Today Boris Johnson and Rishi Sunak announced that they were going to pay for social care in about the most regressive way possible, by placing the burden on National Insurance. That takes in more lower paid people. The £130 it will cost for someone on £20,000 a year doesn’t sound much, but, believe me, the poorest households will feel every single penny. There were fairer ways of doing this, but you can’t expect that from a Conservative Government.

Emma Kennedy had it right on Twitter:

Ed Davey said of the plans for social care:

These broken manifesto promises are betrayals that will haunt Boris Johnson’s premiership. Whether it’s young working families, carers or small business owners, those catastrophically failed by the Conservatives during the pandemic are now being asked to pick up the tab.

The Liberal Democrats will oppose these unjust plans in Parliament tomorrow and urge all Conservative MPs to do the same. For the past two elections we have been clear about how to fix the social care crisis in a fair and progressive way. The Government must do the sensible thing and sit down with other parties to find a consensus, instead of drawing up divisive policies on the back of a fag packet.

And then we have the Lib Dem triple lock being suspended for a year. The brainchild of our Pensions Minister Steve Webb during the coalitiion years, after miserly 75p rises during Labour’s time in office, it guarantees pensioners a rise in the State Pension equivalent to the greater of average earnings, 2.5% or inflation.

Now, there will be some who will say that a rise of 8% would have been too much and unfair on the young who are bearing the brunt of the pandemic. This is where I would like to see us embrace the power of and to help both. Too many pensioners are living in poverty – 1 in 5 and most of them are women. They will feel the impact of this and not in a good way. Maybe the Government should raise pension credit by 8% to give hem some targetted support.

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Christine Jardine: Government should pay for medicinal cannabis prescriptions for children with Epilepsy

Surely any person, when the quality of life for a child is on the line, would quickly come to the conclusion that paying up is the right thing to do?

Ever since she was elected as MP for Edinburgh West, Christine Jardine has been pushing the Government to give access to medicinal cannabis particularly to children who suffer from rare forms of Epilepsy for whom it can make a huge difference.

She has seen at first hand how it can transform the lives of the children who take it. In her Scotsman column this week, she talks about Murray Gray, her young constituent, now thriving and living his best life. But a couple of years ago, the story was very different:

When his mum Karen first came to me, he was a very unwell little boy who was, as I explained, constantly in and out of hospital with dozens of seizures, and his family were worried they could lose him.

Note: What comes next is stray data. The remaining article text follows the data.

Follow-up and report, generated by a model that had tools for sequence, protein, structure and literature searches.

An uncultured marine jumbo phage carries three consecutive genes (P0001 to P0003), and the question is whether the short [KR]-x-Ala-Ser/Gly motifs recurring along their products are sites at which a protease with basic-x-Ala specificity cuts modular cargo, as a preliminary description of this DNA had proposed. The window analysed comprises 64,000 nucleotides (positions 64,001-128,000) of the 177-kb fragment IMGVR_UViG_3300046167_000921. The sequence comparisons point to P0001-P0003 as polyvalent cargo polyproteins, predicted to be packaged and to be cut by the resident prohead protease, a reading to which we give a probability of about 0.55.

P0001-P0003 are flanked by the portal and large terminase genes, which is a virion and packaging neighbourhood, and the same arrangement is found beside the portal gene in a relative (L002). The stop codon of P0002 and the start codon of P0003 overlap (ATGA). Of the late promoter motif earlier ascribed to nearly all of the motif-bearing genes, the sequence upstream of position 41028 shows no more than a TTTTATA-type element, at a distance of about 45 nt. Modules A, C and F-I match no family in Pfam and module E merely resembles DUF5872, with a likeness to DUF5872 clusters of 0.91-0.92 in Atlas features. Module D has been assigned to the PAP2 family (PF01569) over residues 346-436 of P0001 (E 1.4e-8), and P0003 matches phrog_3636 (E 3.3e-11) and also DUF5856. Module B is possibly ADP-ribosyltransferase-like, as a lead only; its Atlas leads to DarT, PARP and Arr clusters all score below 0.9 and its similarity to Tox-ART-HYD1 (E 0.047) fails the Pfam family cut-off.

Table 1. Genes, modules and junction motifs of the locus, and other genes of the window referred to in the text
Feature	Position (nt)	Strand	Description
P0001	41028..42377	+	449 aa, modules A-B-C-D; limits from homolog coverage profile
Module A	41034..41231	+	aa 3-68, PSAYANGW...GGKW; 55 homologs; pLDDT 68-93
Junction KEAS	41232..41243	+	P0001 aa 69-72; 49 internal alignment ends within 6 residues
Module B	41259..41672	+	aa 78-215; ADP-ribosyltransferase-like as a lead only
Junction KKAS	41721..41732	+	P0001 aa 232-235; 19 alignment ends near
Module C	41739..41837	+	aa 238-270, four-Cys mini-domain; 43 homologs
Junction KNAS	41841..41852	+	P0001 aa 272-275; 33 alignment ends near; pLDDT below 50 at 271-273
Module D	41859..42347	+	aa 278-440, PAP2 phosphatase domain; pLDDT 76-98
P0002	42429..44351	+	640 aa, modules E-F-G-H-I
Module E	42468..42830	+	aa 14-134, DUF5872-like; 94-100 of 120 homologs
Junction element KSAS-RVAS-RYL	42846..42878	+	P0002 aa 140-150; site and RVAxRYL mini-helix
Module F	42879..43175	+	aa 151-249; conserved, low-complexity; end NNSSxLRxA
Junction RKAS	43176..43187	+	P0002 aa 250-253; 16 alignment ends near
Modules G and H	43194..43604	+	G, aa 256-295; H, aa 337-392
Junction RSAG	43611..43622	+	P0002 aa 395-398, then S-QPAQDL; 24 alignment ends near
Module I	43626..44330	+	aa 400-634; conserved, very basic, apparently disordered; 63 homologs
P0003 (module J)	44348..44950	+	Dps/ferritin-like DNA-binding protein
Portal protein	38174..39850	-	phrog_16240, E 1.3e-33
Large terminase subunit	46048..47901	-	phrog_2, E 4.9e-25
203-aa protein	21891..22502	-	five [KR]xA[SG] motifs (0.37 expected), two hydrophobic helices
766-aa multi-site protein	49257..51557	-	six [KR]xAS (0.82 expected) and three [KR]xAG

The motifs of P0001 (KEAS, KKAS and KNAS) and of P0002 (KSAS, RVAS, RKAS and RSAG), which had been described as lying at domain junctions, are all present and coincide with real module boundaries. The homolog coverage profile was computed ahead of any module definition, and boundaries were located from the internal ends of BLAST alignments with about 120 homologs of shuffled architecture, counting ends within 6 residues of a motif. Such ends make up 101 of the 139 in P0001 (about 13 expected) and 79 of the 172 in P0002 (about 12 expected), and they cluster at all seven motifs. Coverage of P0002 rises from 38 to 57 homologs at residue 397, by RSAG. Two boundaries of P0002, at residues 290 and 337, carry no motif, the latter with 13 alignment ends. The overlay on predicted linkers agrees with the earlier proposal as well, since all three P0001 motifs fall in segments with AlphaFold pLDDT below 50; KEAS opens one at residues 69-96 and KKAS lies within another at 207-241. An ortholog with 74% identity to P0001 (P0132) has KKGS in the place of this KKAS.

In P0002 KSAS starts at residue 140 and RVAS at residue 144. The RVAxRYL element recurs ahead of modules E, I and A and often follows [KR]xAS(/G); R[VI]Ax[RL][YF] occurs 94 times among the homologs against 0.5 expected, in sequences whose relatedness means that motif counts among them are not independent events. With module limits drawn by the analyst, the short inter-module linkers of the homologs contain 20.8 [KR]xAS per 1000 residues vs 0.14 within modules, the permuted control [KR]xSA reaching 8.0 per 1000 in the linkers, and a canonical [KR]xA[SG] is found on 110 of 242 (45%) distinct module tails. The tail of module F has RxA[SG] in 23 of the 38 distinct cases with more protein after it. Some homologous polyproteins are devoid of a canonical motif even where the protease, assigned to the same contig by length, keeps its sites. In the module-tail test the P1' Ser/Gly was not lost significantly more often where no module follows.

Now, since being prescribed cannabis oil, he is seizure free and a happy youngster who plays football with his dad and told me everything I needed to know about dinosaurs when he visited my office. This medication has given him a life he otherwise may not have had.

The problem is that although it is possible for children to be prescribed medicinal cannabis, the NHS is only paying for three of them. This means that parents like Karen Gray are having to pay £1500 per month to ensure that their children can get the medicine that is giving them such a good quality of life.

Late last night, Christine led the first adjournment debate of the new parliamentary term in which she and others pushed minister Jo Churchill to ensure that in the short term, at least, the Government should pay for the children’s prescriptions until more clinicians are wiling to prescribe it. She outlined the problem:

When the then Home Secretary agreed that medicinal cannabis would be legal for use in the United Kingdom, I think we all believed that parents would no longer be forced to watch their children suffer, knowing that a treatment was available. What has happened since is heartbreaking. In the intervening years, they have been forced to source medication themselves, sometimes travel abroad—again at huge cost—to collect it, challenge the medical authorities and face rejection and repeated appeals for NHS prescriptions.

Surely no one in this place wants even to contemplate what it would mean to have a loved one—husband, wife, partner, brother, sister, friend or child—who had to pay for the medication they needed simply to go on with day-to-day life. Think of the diabetic without insulin or the asthmatic without an inhaler; this is no different, but it is new. With so much red tape and inflexible guidelines, too many people face being left alone, helpless and simply unable to afford life-changing treatment. In fact, since November 2018, just three NHS prescriptions have been issued for the type of medicinal cannabis that is life-transforming for these children.

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Ed Davey: Johnson’s refusal to self isolate “Barnard Castle on steroids”

Boris Johnson’s blatant avoidance of self isolation as a staffer who tested positive for Covid further undermines confidence in this Government.

I feel sorry for anyone who has to be around him over the next few days. He could pass a potentially deadly virus on to them or ultimately their vulnerable relatives. It is an anxious time for them.

The Guardian has the story and Ed Davey’s reacton: